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It feels less awful…and it works

By Daniel M. Ryan
web posted April 13, 2009

Unlike Bertrand Russell and mathematics, no famous speculator has ever dared to say: "I like stock speculation because it is inhuman." Perhaps because, unlike math, stock speculation is too closely tied to how us humans tick. Also, there's a saving certainty in mathematical results once the techniques are mastered. I need hardly explain that said certainty is utterly lacking in stock speculation, or even in investing. Last six months' gyrations should be enough ipse dixit for that point to carry. Not to mention the various bad names hurled at anyone who really puts brain to grindstone in this field.

Back in the audlen days, those names were easy to laugh off. Many even internalized them. What made it easy was the difficulty in learning the ropes: many of the greats came in as naïfs themselves. Thus, the ostensibly crookish remarks involving sheep and slaughters really were the result of a kind of hazing. The guys who chuckled over the fate of the "new mutton" had been shorn themselves – and some had seen their portfolios outright slaughtered. The "bad boy" culture was largely composed of old hands who, at some point in their careers, had let their wallets get too close to the grindstone.

Nowadays, though, there's a complication that's making for a real taint – one that might be harder to laugh away. Many of the recent gains that have been wrested from the stock market – in specific securities – have been directly or indirectly caused by government rescue plans. I'm not trying to insinuate that government efforts have made for easy profits; that's been far from the case. Anyone who leapt into First Solar right around Obama's inauguration day would have gotten in at around $140, and would be barely breaking even right now. Anyone betting on Ford would have been in a profit position right now, but only after a gut-emptier that saw the stock sunk close to 50% below its price as of December 12th. Obama stimulus-betters who went with a less exotic issue like U.S. Steel on Inauguration Day would still be sitting on a loss. So would the buyer of a bank-stock ETF. The rescues/stimuluses may very well have been corporate welfare, but "speculator welfare" they were not. The February "Geithner spill" made this lack very clear.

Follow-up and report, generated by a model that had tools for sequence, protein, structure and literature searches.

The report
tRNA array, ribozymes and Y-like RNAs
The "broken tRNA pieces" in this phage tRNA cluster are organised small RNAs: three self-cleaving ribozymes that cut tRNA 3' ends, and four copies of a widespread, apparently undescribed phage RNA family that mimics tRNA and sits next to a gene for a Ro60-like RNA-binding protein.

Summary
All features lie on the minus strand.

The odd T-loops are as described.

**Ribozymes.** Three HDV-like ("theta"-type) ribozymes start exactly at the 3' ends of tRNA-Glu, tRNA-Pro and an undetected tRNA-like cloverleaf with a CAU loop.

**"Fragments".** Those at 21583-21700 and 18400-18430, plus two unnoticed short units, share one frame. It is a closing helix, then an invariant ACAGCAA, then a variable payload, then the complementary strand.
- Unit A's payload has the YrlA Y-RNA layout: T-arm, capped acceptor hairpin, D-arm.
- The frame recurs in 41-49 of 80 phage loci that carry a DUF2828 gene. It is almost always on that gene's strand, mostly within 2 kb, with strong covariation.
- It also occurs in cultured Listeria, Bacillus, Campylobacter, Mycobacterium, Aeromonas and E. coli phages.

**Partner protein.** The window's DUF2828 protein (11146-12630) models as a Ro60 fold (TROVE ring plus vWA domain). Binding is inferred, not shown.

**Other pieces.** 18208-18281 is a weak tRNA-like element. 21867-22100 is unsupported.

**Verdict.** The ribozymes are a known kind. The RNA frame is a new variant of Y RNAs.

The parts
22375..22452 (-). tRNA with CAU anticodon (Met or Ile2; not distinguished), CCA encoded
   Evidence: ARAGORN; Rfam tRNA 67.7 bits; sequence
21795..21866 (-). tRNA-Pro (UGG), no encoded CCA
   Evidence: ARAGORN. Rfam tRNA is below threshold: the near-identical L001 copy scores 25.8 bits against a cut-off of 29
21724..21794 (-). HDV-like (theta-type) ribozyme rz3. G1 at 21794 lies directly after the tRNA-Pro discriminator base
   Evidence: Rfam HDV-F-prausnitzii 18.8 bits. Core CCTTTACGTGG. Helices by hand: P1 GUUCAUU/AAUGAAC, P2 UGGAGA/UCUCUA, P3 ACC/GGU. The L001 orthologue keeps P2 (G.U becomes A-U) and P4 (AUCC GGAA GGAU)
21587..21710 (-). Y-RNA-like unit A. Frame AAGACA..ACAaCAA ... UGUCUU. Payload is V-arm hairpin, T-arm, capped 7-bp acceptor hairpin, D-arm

Some astute traders, though, have made quick profits. Many strong-stomached investors might very well make large longer-term profits from taxpayer-assisted rescue/stimulus/boodle initiatives. Despite the well-worn rep of speculators as inhuman, there's some guilt beginning to show around the edges. Case in point, from last October: a trader who made lotsa quick money by betting on J.P. Morgan Chase when it shot up higher than it is now. This fellow felt so guilty over his score, he said he would donate the profits to charity. His self-remonstrance is here.  

Despite stereotypes of "American greed," I have yet to see a similar case of any of my fellow Canadians doing the same thing. Poking through this website will unearth share-aiding boondoggles like this one.  The stock in question hasn't done all that well since the deal's announcement, but a quick trader would be sitting on a profit right now – one got in co-operation with the Canadian taxpayer. It's ironic that the Canadian punter, but not the American, would be red-blooded enough to say: "stick it – I pay taxes too!"

Nevertheless, these trends tend to slowly seep over the border. It's foreseeable that an anguished Canadian might do the same thing: guiltily confess a profit garnered from tax money applied, and remorsefully vow to donate the profits to a worthy charity like a homeless shelter or the Liberal Party.

Rather than endure that anguish, there's a better solution which'll redden bloods on both sides of the border. Speculation, and even investment, requires a necessary detachment from the warp and woof of everyday politico-economic life. That's why so many investment professionals are sized up as shifty (and politically vulnerable.) This detachment, as hinted at above, is usually learned the hard way: it's harder to feel through a scar.

Thankfully, in this post-modern world, there's no further need to face the hard choice of herd-recklessness versus callousness. It's never been easier for a Canadian such as me to plop money into U.S. stocks, and vice versa for any American.

Why feel guilty when betting on your country's bailout, when you can take advantage of the legislative lurchings of a nearby neighbor country? A Canadian like me – provided that said Canadian can pull it off – could merrily clip the U.S. stock market when Washington is readying deployment of U.S. tax funds. The same thing goes for a U.S. investor and our various legislatures. Rather than feel guilty, or the need to deliver the standard "I'm a steward of capital" monologue, just brush those feelings off with "mulcting the taxpayers? I don't even have a vote there. How could I even begin to pull it off?" Instead of carefully explaining the need for an investment professional to be disinterested, a simple "I'm coining money from the other country's guys" will suffice. With this mindset, it's even possible to be a full-throated patriot when the occasion demands.

Self-satisfaction is not a right, at least not yet, but it is a boon that many consider worth striving for. The above cross-border punting idea aids in the quest to become self-satisfied. It also obviates the need to guiltily donate one's profits to the United Way, MADD, an Al Gore affiliated organization, or to the Liberal Party.

Disclosure: I might as well 'fess up to my own "disinterest." I don't own any U.S. stocks, and I've even put my fantasy-game punts on hold. ESR

Daniel M. Ryan is an irregular columnist for LewRockwell.com, and has an undamaged mail address here.


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